Faculté des sciences

Use of Cl/Br Ratio to Decipher the Origin of Dissolved Mineral Components in Deep Fluids from the Alps Range and Neighbouring Areas

Sonney, Romain ; Vuataz, François-David ; Cattin, Stéphane

In: Proceedings World Geothermal Congress, 2010, vol. 15, no. 1504, p. 1-13

Cl/Br ratios were studied in deep groundwaters to decipher the origin of dissolved mineral components from the Alps and neighbouring areas. Cl/Br molar ratio represents a good marker to define if the salinity comes from seawater or residual brines (655 and lower) or from dissolution of halite or halite-rich gypsum, often present in the Triassic formations (upper than the seawater ratio). It can... Plus

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    Summary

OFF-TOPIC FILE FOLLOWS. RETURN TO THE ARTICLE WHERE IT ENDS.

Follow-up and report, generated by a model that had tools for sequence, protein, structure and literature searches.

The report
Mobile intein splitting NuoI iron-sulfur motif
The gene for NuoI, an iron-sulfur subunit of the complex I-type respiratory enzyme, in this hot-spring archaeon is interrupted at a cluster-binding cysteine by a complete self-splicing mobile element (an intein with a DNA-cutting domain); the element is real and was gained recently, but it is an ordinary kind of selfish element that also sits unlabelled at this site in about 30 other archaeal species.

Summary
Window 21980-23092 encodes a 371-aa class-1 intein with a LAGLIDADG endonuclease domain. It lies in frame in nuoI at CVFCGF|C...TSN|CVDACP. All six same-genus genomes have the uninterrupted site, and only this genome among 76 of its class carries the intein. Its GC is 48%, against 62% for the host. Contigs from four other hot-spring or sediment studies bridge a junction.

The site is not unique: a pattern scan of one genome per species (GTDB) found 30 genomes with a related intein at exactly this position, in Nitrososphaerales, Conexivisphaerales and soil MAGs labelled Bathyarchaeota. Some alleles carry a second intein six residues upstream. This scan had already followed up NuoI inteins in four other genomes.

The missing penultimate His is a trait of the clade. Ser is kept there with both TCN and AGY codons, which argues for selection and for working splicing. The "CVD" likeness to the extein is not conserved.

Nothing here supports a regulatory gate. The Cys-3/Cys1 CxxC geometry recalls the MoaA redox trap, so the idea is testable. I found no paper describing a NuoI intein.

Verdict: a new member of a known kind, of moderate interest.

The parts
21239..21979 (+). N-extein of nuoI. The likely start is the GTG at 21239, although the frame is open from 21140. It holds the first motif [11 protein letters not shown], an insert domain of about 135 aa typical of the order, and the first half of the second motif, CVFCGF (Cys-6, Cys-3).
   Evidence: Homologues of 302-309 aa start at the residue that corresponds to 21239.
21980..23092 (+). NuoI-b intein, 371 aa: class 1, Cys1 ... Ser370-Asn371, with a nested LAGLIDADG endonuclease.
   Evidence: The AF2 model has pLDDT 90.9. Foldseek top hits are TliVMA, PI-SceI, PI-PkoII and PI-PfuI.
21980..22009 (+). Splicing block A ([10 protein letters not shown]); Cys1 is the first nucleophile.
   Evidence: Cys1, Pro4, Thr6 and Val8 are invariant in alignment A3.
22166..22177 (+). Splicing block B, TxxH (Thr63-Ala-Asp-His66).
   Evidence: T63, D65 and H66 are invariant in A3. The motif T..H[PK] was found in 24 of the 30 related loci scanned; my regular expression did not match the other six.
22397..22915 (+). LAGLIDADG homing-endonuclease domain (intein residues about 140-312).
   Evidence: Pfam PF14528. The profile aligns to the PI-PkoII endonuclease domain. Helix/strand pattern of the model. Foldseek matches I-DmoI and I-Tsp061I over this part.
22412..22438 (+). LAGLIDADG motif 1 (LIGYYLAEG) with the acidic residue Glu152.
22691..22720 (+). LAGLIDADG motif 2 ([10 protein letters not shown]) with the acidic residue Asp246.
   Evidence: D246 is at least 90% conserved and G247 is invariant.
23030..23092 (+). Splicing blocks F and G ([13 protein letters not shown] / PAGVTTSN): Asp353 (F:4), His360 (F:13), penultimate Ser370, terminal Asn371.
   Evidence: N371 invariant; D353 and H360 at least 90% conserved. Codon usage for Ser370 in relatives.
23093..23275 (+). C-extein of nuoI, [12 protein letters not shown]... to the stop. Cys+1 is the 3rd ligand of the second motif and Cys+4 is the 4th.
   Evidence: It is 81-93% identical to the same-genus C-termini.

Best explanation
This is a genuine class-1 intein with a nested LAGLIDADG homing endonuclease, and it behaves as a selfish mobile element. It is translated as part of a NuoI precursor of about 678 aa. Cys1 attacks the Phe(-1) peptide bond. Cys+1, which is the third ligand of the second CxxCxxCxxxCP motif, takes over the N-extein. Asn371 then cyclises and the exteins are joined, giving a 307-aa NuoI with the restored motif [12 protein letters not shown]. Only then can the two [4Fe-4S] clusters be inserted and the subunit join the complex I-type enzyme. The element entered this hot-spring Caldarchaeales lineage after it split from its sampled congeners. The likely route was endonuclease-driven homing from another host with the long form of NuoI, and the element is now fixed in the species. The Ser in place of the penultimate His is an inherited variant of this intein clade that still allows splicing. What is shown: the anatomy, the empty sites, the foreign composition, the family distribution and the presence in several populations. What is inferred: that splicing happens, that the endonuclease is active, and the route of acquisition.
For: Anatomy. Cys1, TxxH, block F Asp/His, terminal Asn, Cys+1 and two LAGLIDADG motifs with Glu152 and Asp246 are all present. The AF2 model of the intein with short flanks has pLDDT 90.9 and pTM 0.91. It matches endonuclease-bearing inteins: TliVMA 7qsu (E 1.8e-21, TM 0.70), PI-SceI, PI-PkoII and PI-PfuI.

Cl/Br ratios were studied in deep groundwaters to decipher the origin of dissolved mineral components from the Alps and neighbouring areas. Cl/Br molar ratio represents a good marker to define if the salinity comes from seawater or residual brines (655 and lower) or from dissolution of halite or halite-rich gypsum, often present in the Triassic formations (upper than the seawater ratio). It can be an interesting tool for projects dealing with exploration and production of geothermal fluids. Results of this study showed the presence of trapped seawater in formations of the large basins from the Quaternary to the basement, resulting from infiltration during different marine intrusion periods. This method also showed the presence of brines in crystalline aquifers. Some of these waters discharge along subvertical faults and are diluted to various degrees by different types of meteoric waters. In some cases, this method raises new questions about the true geological origin of deep circulations.